The UK has published its new Data Protection Bill, which the Government claims will “bring our data protection regime into the twenty-first century”. The bill which is part of the National Cyber Security Strategy is intended to find a balance between protecting data, penalising those who break the rules and returning control of data to the people.
From a government so intent on undermining encryption, a tool which really does protect online data, this might seen a little inconsistent, so it is no surprise that the new bill has been described by the chairman of the National Association of Data Protection and Freedom of Information Officers, Jon Baines as “a bit of a mess”.
EU General Data Protection Regulation
The new Data Protection Bill is enormous. It stretches to 218 pages, has 18 schedules, and no fewer than 112 pages of explanatory notes. This often means that there will be a few surprises hidden with the legal language and no doubt in the coming days, policy wonks will be generating a few new headlines as they dig down into the detail.
The bulk of the bill is dedicated to bringing the European Union’s General Data Protection Regulation (GDPR) into British law. This is required to come into force by May 2018, a date which gives this bill a timeline by which it must come into law.
It also emphasises that the GDPR is going to apply to the UK despite Brexit, which some businesses had hoped would exclude them. The Government has confirmed that this bill will remain in law after Brexit has been completed.
GDPR is massively complicated and many companies are still unsure what exactly it will require them to do. Sadly, this Bill has not made anything much clearer and unless the Government or the EU does deliver some clear guidance ahead of the May 2018 implementation date, short-term chaos is likely to ensue.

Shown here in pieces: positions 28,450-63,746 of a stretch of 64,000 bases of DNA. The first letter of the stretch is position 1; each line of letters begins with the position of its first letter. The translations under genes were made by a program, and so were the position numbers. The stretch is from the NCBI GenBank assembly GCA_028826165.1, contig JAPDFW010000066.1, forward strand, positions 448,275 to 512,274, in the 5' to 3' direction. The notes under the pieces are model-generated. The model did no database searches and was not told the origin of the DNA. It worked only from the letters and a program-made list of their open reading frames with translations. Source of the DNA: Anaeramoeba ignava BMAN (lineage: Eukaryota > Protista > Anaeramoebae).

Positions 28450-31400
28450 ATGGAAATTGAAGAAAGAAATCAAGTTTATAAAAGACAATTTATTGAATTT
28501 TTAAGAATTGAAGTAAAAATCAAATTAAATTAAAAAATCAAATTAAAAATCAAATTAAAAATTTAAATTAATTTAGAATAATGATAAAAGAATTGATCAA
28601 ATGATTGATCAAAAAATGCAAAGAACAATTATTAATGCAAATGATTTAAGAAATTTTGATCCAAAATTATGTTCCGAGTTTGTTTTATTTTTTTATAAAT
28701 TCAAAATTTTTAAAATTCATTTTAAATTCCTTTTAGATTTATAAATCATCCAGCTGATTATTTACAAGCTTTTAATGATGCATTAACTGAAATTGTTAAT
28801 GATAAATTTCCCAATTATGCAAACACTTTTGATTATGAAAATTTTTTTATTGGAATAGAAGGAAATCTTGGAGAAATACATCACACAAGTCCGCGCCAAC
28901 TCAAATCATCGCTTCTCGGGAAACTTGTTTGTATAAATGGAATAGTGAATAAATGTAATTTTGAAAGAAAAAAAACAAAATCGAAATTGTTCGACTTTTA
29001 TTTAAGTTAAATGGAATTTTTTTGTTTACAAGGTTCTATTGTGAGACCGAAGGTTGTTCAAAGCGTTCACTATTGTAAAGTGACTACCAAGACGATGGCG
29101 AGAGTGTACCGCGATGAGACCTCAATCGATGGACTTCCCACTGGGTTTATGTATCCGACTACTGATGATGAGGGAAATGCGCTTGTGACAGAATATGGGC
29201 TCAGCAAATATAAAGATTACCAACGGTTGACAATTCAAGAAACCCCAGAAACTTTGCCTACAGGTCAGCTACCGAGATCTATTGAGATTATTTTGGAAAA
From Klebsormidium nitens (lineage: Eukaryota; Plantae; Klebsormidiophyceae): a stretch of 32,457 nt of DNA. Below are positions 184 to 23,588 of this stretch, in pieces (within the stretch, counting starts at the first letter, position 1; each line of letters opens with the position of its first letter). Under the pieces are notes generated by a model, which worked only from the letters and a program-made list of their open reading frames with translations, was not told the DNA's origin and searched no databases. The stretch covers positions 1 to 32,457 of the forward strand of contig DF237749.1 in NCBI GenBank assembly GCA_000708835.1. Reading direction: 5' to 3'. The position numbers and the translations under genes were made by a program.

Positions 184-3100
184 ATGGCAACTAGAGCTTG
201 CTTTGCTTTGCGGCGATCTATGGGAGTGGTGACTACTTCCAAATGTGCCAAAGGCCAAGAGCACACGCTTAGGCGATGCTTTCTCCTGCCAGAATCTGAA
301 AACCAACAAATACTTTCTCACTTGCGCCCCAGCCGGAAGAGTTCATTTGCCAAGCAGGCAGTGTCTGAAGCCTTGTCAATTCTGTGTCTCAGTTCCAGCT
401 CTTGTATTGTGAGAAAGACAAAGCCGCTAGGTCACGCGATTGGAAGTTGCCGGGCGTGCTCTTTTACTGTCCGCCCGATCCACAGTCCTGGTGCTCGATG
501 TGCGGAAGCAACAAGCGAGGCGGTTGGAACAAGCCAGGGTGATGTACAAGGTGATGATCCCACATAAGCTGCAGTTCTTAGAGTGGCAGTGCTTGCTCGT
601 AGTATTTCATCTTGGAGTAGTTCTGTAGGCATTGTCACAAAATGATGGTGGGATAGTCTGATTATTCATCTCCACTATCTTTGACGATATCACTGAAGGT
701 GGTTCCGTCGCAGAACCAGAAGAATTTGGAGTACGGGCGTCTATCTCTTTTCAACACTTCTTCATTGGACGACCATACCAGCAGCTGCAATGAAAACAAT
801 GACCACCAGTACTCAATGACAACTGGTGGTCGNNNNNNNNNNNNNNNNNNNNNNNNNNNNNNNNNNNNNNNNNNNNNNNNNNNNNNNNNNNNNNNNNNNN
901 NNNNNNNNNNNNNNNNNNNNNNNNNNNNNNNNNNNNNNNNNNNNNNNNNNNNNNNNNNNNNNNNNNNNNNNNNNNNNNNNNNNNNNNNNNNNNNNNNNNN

What else is in the new Data Protection Bill?
For individuals, the new bill is intended to hand back more control over their data and there are a few things included to be welcomed. People will now be able to demand information about how online sites are using their information, request that photos and posts that relate to them are removed, and withdraw consent for the use of their data.
Websites will no longer be permitted to use ‘pre-ticked boxes’ to get users to hand over the rights to their data, as is currently the case. The penalties proposed by the new bill for companies which break these new laws are also stringent, with a maximum of £17million or 4% of global turnover being proposed, although these figures are the requirements from the GDPR.
The bill also includes a number of new criminal offences including changing personal data in an attempt to stop it being disclosed and unlawfully obtaining personal data. The re-identification of de-identified data will also be a crime, with an unlimited fine available for law enforcement officers. This last one may worry security researchers a little and it is quite likely that an exemption for them will be added as the bill progresses.
Exemptions to the bill
There are already a number of notable exemptions to many of the laws included in the bill, which the Government claims to have successfully negotiated with the EU. This includes allowing journalists to access personal data for the purposes of exposing wrongdoing or as part of their right to freedom of expression.
Scientific and historical organisations also have exemptions in cases where the new laws might impinge on their research, as do anti-doping agencies who are chasing those elite athletes who use performance-enhancing drugs. Some financial services and employment law exemptions are also included.
These are broadly sensible although the addition of security researchers is a necessity. As the GDPR requirements were already known, there are not many surprises in the bill.
Indeed, the only real surprise is the government having the audacity to claim that it has people’s data protection interests at heart, while at the same time hoovering up everybody’s online data and attempting to undermine encryption.
These two policies offer a huge threat to data protection and until policy changes are introduced in this area, there can be no real credibility given to UK Government in this particular area.